2016 saw its share of bloody violence, from all out warfare in Aleppo to terrorism in Orlando to individual murderous acts in Baltimore, to name only a few examples. Tensions festered along racial and other lines, sometimes agitated to advance political agendas.

Progress continued to advance forward, with fits and starts, on many fronts including medicine, technology, commercial space development, etc. Bold plans are laid out for the future (e.g. Elon Musk's plans for settling Mars). Time will tell which plans bear fruit and on what time scale.

In the US, presidential politics dominated attention. A year ago, many wondered whether Donald Trump's candidacy had serious potential or was more of a pop culture sensation. After out-hustling a formidable and talented GOP field of candidates, Trump swept to the nomination in Cleveland and went to take on the favored (and Media darling) Hillary Clinton. In the early morning hours of November 9, many were astounded to find that Donald Trump acquired enough electoral votes to become the 45th President of the United States. Economic anxiety, national security concerns, rejection of extreme "progressive" policies on abortion and other issues all can be cited as deciding factors, along with a general sense that elites in power are not in touch with the concerns of many average citizens.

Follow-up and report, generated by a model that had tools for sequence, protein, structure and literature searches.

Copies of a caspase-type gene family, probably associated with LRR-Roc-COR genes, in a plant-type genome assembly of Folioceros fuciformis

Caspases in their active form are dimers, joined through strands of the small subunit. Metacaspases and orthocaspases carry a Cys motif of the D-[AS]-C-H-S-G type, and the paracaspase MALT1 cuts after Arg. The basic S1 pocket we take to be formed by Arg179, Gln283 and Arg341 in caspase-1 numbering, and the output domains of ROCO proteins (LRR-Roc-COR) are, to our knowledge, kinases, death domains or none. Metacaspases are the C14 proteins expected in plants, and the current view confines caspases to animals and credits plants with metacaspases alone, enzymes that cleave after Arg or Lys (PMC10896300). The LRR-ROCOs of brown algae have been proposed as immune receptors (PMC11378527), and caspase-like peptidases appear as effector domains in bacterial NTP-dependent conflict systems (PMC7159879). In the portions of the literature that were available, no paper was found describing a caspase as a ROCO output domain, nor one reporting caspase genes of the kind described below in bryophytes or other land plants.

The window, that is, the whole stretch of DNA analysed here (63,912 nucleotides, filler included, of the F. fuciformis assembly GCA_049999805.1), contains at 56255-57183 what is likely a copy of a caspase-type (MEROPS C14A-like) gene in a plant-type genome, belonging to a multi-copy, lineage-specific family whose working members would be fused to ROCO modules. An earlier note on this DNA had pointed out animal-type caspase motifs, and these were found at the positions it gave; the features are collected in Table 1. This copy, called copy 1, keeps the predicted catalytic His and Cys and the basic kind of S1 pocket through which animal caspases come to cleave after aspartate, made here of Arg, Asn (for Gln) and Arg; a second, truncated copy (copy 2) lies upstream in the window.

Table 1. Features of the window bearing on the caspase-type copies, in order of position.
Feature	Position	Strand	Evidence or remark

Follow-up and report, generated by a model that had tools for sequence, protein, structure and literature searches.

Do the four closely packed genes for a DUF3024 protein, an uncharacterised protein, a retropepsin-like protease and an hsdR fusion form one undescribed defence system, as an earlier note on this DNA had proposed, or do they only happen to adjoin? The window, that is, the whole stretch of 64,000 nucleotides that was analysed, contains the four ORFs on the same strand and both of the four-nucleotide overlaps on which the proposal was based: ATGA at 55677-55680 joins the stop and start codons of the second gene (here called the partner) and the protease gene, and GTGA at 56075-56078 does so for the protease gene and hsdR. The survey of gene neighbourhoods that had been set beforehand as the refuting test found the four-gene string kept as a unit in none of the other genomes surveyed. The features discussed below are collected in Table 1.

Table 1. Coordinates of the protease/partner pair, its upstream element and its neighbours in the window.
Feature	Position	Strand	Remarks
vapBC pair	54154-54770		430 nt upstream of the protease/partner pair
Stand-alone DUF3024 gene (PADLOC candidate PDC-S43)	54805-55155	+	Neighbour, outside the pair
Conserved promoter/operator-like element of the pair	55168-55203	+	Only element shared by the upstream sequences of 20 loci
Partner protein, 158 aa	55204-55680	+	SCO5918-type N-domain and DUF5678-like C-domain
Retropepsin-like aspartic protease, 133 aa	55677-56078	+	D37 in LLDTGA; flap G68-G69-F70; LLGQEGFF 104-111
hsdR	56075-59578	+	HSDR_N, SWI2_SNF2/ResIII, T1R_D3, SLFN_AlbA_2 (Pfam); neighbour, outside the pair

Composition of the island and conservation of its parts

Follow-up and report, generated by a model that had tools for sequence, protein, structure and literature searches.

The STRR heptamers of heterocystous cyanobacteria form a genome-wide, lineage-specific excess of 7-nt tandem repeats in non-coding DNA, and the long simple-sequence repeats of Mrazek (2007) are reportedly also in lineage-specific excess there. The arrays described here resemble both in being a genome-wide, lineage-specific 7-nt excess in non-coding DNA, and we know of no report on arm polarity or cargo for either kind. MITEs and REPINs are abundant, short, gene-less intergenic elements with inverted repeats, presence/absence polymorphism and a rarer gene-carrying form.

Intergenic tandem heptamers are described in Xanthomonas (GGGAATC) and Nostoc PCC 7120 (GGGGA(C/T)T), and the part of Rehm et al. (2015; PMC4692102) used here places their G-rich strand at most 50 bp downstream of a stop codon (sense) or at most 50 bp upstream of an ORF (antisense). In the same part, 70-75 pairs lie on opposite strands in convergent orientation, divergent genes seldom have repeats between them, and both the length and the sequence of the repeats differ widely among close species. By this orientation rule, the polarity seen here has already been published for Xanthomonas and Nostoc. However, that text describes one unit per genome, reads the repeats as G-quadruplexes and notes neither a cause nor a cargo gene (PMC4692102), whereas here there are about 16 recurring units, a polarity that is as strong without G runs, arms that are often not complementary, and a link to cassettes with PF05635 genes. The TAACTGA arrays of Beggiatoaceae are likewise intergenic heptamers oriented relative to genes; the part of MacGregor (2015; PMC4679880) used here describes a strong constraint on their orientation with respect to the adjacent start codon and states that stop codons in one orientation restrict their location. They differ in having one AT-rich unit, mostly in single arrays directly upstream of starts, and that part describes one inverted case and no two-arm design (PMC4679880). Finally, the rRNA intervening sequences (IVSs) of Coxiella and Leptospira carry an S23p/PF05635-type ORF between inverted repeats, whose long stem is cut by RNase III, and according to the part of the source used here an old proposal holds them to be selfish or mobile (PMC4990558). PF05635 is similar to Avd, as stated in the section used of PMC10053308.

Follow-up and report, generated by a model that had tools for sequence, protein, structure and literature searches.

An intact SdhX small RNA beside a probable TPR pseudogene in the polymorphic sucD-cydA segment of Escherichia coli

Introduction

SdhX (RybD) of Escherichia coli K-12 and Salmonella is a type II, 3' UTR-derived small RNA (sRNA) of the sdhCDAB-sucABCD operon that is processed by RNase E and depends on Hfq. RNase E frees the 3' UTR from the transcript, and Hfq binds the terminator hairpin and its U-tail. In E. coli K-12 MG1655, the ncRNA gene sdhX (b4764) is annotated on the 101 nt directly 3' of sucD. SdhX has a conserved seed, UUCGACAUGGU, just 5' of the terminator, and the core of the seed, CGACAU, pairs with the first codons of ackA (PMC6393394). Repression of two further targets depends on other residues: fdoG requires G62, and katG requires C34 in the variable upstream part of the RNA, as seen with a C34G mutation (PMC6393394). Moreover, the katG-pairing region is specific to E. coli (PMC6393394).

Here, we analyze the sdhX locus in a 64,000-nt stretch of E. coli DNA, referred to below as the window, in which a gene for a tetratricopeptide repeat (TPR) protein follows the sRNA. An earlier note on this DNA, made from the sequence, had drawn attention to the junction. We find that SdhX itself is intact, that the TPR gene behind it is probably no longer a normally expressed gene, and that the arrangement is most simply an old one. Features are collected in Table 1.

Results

With the presidential transition pressing ahead and appointments to key positions already named, the table is being set for some of the leading developments of 2017. Trump's confrontational personality combined with the unhinged negativity of some of his opponents mean there will likely be rancorous times ahead, but more important is whether we can make headway in protecting life, defending liberty, maintaining national security and global stability, and achieving expanded prosperity.

Well, wishing you and yours God's blessings and peace and all the best on this new frontier we call 2017.